Business struggles, significant debt and legal liabilities put some industry players at particularly high risk of declaring bankruptcy in the near future, including large drugmakers like Teva Pharmaceutical and Bausch Health as well as small biotechs including Clovis Oncology and Puma Biotechnology.
BioPharma Dive analysis identified several troubled biopharma companies that are at highest risk of going bankrupt in the next 12 months.
While rare in the drug industry, bankruptcy filings have ticked up in 2019, driven by growing legal, political and market pressures that could bring more companies to zero.
The metric rates thousands of companies, with a FRISK score of 1 representing the most financially vulnerable. CreditRiskMonitor incorporates risk indicators such as bond agency ratings, stock volatility, financial ratios as well as crowdsourced subscriber data.
The company says FRISK scores have been 96% accurate in predicting bankruptcy. Among drug companies that went bankrupt this year, the company had rated each one at a FRISK score of 1 or 2 beforehand.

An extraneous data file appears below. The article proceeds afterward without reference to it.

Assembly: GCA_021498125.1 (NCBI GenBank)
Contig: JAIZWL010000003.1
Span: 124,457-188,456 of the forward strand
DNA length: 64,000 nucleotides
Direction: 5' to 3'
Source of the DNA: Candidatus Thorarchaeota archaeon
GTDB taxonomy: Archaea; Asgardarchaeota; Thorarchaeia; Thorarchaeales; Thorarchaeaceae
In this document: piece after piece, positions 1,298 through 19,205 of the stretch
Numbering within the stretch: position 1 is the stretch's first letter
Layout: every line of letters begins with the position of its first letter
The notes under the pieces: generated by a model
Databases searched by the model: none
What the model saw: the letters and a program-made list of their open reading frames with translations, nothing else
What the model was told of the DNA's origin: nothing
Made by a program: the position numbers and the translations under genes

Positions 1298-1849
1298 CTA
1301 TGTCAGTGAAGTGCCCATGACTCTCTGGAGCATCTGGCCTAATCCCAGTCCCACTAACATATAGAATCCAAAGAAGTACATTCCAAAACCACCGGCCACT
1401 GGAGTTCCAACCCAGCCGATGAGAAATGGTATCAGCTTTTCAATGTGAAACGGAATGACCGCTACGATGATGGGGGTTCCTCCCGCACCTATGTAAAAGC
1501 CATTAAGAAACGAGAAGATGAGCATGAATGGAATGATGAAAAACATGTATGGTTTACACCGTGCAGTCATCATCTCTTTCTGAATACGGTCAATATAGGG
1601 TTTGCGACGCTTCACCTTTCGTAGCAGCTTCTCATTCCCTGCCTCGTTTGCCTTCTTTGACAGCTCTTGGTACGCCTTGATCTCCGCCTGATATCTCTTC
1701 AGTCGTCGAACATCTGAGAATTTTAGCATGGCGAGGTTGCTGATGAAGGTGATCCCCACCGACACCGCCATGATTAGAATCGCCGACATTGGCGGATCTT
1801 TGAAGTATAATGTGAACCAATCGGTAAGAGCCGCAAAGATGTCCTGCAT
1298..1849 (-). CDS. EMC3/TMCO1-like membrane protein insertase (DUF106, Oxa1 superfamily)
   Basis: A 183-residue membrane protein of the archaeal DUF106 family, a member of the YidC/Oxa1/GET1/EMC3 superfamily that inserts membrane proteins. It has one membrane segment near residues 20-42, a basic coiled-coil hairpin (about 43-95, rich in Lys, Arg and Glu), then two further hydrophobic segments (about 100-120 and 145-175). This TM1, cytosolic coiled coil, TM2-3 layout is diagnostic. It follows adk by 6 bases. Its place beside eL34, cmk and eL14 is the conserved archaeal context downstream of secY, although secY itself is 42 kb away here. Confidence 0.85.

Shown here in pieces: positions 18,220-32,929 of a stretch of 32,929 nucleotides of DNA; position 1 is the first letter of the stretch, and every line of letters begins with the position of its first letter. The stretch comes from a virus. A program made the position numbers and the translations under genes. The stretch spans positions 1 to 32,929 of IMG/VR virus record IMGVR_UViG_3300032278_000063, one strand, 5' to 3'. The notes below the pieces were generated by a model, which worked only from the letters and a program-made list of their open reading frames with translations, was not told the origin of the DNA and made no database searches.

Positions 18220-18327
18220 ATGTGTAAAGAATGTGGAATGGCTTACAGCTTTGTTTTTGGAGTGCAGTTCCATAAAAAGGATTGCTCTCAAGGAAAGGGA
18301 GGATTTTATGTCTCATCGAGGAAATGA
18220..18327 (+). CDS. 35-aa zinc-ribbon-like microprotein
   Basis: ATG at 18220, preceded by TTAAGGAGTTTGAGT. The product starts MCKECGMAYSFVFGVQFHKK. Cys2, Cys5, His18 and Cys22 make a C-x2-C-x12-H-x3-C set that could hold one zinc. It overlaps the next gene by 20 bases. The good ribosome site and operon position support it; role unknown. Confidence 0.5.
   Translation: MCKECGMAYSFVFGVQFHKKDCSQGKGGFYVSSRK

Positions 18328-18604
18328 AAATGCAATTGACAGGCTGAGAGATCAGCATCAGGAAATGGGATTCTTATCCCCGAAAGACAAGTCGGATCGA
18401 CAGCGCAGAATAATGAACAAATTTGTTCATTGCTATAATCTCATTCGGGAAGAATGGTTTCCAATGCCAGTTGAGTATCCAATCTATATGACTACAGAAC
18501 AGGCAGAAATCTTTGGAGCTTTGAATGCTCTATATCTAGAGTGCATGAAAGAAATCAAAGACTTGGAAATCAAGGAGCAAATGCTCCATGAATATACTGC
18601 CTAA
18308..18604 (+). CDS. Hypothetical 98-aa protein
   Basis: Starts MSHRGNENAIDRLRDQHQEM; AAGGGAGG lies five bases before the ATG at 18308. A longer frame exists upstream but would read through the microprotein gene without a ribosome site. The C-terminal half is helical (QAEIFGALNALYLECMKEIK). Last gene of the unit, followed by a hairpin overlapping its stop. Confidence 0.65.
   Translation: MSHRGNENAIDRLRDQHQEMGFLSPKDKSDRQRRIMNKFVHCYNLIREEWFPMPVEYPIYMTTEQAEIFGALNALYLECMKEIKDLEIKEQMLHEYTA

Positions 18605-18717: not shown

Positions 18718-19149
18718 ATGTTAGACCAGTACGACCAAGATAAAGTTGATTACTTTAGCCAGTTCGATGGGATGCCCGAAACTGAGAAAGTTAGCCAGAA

Novavax in Trouble
The longtime vaccine developer saw its shares tank this February after the biotech disclosed a Phase 3 study of its RSV vaccine ResVax failed.
The experimental vaccine is the Gaithersburg, Maryland-based company’s lead clinical candidate. While the trial failed to reach the primary endpoint, company executives emphasized other data that showed the vaccine could help prevent some of the consequences of RSV, or respiratory syncytial virus.
Even with the failure, Novavax has vowed to plow ahead. R&D head Greg Glenn told BioPharma Dive then that “the vaccine is not dead” and that he anticipated it moving forward in some fashion.
Novavax is one of many so-called zombie biotechs — businesses that have been able to survive for years or decades despite lacking commercialized medicines and suffering repeat clinical failures.
Since its founding in 1987, Novavax has accumulated a $1.4 billion deficit. Over the past three years, the company averaged more than $200 million in yearly net losses.
Since February’s Phase 3 readout, the stock has dropped about 90%. In May, the biotech performed a one-for-twenty reverse stock split to bolster its share price.
The company had $76 million in cash and equivalents at the end of September, and has posted a net loss of $101 million through the first nine months of 2019.